Simple questions about teacher training.

As you may know, (if you have had a peep at the video interview I did with the kind hosts of the TeachingEnglish web site when we were all at the IATEFL conference in Cardiff in April of this year), (or if you have had time to read the biography I submitted), I have been the editor of a journal called the Teacher Trainer for the last 23 years! I started this journal for foreign language and TESOL teacher trainers, teacher educators and mentors for Pilgrims. It has been a very pleasant chore for all that time and has enabled me to build up a pool of specialised resources and knowledge on the subject. And it is this topic, about the whole business of becoming, and then becoming a better, teacher trainer that I want to dedicate my time as guest writer this month. 

I am not the first TeachingEnglish guest teacher/writer to be a teacher trainer or to be interested in teacher training. If you go back through the archives to look at the work of my illustrious forerunners, you will find, for example, that Harsh Kadepurkar gave his top tips for teacher trainers on May 25th, 2008, Eleanor Occena talked about training the trainer in August of 2008 and many of Jenny Johnson’s top tips for managers given on February 4th, 2009 would be useful too. But perhaps I am the first to take it as my main subject? This means I am free to start with some basics.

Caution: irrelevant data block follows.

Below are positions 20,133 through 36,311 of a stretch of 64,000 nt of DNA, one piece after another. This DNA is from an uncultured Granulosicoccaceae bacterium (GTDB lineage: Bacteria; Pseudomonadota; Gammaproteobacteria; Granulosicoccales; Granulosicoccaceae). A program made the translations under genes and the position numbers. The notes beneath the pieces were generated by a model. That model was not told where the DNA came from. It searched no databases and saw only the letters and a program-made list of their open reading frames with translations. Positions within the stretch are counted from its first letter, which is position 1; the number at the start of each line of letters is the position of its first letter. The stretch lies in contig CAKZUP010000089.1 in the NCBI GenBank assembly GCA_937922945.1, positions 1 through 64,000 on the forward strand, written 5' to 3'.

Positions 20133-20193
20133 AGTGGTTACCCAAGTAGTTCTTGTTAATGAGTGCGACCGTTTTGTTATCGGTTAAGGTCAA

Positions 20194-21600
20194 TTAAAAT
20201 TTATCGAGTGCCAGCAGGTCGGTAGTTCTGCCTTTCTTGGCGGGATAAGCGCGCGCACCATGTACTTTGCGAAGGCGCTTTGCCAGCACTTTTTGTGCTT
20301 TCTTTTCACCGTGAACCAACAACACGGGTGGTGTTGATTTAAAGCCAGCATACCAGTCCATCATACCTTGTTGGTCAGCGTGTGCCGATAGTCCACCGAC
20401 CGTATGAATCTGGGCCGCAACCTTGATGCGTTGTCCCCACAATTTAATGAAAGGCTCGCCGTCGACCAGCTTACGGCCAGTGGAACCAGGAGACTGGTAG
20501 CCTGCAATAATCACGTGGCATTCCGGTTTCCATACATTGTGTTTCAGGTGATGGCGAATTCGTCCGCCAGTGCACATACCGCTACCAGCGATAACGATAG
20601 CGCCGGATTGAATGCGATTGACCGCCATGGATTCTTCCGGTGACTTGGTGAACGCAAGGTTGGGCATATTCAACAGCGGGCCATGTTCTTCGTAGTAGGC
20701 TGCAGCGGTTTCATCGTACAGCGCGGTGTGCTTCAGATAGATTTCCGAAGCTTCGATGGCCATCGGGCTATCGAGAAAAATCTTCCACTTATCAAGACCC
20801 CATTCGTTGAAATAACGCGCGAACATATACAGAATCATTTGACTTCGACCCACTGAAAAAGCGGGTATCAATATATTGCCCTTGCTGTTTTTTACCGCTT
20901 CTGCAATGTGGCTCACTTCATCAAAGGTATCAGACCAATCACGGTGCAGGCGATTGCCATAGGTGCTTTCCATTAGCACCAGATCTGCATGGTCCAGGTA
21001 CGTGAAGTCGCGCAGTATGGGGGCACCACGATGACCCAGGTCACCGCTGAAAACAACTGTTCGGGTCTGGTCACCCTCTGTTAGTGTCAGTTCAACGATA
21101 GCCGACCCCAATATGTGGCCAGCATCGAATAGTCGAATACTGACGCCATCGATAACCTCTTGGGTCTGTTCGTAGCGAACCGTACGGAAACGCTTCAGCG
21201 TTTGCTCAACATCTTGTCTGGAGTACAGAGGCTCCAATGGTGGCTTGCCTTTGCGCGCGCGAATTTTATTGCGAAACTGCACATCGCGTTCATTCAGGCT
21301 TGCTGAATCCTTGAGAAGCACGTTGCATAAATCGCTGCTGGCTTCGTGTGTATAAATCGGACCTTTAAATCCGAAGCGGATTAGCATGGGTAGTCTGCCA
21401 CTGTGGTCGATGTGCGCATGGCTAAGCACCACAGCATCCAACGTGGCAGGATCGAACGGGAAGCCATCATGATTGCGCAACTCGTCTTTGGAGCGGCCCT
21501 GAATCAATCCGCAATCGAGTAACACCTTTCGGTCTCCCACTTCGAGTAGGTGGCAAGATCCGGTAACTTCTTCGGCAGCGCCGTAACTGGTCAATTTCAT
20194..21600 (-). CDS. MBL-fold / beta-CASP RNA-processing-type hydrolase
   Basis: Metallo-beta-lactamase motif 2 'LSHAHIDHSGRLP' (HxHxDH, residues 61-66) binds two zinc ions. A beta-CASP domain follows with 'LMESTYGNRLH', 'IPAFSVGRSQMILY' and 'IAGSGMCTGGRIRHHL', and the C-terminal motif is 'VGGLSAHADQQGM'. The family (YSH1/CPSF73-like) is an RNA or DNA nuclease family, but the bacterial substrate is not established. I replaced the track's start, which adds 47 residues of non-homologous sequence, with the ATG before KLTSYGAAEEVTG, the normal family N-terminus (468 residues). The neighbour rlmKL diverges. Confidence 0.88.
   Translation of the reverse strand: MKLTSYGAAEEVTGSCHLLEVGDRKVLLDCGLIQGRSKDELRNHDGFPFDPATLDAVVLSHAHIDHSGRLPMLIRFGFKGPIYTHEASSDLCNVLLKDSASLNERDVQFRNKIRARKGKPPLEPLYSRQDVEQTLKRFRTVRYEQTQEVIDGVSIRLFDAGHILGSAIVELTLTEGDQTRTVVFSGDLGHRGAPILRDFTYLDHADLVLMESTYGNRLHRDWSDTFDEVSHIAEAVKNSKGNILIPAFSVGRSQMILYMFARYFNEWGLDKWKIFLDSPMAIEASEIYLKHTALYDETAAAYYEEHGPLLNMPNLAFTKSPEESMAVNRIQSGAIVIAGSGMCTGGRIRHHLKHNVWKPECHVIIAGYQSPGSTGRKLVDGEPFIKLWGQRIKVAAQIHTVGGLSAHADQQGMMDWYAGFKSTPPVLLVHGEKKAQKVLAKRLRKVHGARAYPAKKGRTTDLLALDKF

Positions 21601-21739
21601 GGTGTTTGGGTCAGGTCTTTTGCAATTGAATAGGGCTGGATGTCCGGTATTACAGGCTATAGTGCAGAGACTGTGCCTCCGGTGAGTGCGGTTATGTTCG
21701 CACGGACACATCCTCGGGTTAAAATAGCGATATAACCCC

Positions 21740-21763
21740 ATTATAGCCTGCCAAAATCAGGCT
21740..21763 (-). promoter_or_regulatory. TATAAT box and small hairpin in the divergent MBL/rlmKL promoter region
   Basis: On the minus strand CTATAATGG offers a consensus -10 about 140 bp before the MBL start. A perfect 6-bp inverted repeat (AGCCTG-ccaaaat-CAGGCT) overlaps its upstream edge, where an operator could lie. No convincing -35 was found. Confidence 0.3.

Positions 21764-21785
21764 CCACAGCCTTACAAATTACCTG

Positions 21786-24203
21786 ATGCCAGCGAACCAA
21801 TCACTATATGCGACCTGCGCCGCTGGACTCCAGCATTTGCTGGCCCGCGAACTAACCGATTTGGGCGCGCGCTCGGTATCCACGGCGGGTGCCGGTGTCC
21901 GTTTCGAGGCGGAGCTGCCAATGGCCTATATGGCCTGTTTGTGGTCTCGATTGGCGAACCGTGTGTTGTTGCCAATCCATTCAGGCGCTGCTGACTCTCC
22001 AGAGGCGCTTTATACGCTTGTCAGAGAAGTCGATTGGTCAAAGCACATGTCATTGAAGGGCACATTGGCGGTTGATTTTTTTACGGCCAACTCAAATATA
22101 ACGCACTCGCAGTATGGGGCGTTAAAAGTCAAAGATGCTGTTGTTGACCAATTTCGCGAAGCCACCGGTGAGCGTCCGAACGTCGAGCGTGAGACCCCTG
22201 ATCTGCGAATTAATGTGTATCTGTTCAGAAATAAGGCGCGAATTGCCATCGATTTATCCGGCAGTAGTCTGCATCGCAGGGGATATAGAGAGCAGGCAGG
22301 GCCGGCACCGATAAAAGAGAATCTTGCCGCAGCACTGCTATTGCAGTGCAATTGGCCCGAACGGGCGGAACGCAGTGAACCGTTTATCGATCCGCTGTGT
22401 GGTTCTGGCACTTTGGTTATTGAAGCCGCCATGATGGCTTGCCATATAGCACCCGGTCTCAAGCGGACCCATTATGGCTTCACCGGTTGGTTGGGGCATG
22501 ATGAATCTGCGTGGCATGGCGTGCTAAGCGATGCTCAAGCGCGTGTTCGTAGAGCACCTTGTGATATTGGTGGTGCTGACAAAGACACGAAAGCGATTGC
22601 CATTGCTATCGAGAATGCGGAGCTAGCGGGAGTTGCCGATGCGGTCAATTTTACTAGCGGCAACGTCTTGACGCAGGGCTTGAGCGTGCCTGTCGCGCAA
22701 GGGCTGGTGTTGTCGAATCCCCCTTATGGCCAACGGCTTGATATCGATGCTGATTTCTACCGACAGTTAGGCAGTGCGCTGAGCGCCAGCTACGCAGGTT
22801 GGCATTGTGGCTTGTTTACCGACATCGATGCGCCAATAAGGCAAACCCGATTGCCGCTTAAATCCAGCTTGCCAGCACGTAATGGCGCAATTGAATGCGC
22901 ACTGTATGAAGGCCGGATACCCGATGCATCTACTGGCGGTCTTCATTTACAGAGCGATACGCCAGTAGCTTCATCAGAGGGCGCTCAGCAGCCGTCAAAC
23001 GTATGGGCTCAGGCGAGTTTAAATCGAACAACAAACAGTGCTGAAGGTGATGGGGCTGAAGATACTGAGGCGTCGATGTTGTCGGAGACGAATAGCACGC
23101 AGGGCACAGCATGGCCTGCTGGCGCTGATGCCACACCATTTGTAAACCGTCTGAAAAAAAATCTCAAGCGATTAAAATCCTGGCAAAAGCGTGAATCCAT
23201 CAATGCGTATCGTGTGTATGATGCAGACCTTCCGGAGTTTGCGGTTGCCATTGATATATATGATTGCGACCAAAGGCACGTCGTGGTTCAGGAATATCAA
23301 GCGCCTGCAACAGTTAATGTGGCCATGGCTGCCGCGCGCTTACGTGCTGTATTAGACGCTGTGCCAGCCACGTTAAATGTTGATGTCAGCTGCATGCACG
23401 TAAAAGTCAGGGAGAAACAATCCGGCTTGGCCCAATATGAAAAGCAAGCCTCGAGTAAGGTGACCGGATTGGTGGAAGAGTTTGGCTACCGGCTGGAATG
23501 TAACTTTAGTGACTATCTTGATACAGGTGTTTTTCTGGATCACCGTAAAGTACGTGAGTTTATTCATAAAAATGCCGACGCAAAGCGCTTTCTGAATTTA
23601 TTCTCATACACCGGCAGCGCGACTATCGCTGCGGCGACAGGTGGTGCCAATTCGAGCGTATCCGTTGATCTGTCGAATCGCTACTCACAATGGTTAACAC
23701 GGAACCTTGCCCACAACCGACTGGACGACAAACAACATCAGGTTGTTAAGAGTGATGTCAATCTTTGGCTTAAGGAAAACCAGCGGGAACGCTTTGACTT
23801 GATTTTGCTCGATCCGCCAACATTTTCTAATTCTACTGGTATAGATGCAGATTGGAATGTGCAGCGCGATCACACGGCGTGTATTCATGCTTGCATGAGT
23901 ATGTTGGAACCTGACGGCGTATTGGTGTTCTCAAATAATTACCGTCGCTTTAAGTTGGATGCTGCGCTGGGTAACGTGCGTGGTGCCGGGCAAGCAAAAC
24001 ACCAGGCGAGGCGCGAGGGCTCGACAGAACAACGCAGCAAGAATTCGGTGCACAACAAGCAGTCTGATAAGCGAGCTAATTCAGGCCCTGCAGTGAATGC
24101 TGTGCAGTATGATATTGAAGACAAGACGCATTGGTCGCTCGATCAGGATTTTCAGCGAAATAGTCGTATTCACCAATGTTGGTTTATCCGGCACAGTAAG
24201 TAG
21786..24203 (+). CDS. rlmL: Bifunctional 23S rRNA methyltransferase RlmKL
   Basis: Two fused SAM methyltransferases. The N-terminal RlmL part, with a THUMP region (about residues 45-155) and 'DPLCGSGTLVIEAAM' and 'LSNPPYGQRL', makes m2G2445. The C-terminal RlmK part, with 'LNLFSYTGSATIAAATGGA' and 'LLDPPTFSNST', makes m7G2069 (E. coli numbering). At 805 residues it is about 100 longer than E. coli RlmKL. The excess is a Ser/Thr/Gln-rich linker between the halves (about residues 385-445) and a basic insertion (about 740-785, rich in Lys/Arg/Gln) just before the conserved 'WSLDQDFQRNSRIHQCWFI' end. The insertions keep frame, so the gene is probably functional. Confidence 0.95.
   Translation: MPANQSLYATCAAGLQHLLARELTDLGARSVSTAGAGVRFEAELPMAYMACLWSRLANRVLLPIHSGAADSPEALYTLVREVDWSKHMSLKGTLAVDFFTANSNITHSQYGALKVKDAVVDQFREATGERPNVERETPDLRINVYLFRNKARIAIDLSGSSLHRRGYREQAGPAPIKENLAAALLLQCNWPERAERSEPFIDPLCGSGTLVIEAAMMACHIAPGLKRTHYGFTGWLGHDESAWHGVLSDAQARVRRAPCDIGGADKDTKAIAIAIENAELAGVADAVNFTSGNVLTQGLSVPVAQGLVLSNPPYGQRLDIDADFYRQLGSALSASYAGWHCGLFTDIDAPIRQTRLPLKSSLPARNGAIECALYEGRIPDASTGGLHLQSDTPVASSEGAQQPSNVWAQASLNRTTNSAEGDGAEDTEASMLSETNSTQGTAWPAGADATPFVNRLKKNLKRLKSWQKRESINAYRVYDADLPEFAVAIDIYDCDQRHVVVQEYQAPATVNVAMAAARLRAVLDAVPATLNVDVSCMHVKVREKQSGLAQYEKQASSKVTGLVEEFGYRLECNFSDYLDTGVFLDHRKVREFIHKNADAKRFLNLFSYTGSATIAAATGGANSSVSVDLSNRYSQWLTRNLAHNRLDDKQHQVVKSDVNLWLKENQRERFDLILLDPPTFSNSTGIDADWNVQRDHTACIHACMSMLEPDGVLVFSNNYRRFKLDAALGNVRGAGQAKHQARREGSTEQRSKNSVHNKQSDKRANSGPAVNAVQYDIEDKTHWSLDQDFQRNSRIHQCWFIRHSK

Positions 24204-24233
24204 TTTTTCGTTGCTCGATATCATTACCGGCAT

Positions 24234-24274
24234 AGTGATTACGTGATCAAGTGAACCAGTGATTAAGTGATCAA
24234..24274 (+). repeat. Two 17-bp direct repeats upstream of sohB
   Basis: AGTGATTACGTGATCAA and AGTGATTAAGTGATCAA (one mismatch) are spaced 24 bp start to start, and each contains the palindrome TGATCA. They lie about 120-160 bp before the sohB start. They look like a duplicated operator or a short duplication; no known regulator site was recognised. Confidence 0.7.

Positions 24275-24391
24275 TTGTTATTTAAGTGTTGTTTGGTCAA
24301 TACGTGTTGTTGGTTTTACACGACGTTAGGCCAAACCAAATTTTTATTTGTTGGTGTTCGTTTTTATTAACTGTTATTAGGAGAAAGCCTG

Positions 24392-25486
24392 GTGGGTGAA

Simple questions
One way of getting into a brand new area of thought is by asking loads of apparently simple and obvious questions about it and then dreaming up as many answers as possible to each one!

Here are some basic questions we could ask about our chosen field of teacher training:

  • What are teacher trainers called in different settings?
  • Who do they work with? Who are the main stakeholders?
  • What do trainers do?
  • Are they necessary?
  • Do trainers still teach?
  • Do you have to have any training to be a teacher trainer, teacher educator or mentor?
  • How do you know if you are ready to be one?
  • What do you need to know, do, be, have….. if you are a trainer?
  • What are the core tasks of the job?
  • How can you keep developing?
  • What makes a good trainer?
  • How are trainers assessed?
  • What resources are there for teacher trainers?
  • What options are there for planning courses for teachers and for doing the other core tasks of the job?
  • What is the most difficult part of the job?
  • What are the dark sides to the work?
  • What are the best sides of the work?
  • What can we learn from trainers in other fields?
  • Where are the language learners and the language teachers in all this?
  • What has changed over the last, say, 20 years in the job?
  • What is central to all learning and teaching, no matter what level or type or field?

 
And here is another question: What shall we do with all these questions?!!!!

  1. We could add to them, for I am sure I have missed lots that you may be interested in.
  2. I certainly don’t aim to answer them all while I am the guest writer this month. It would just be too wordy and too complex. But we could perhaps take one to discuss over the month.
  3. (If the questions that I don’t deal with this month interest you, you could slowly start to build an answer bank at home to your favourite ones with help from other site users, reading suggestions, back articles available on the journal web site at www.tttjournal.co.uk etc and keep adding to it over the next few months.)

Do write in if you would like to join in with this question on the topic of teacher training.

Bye for now!

Tessa Woodward

 

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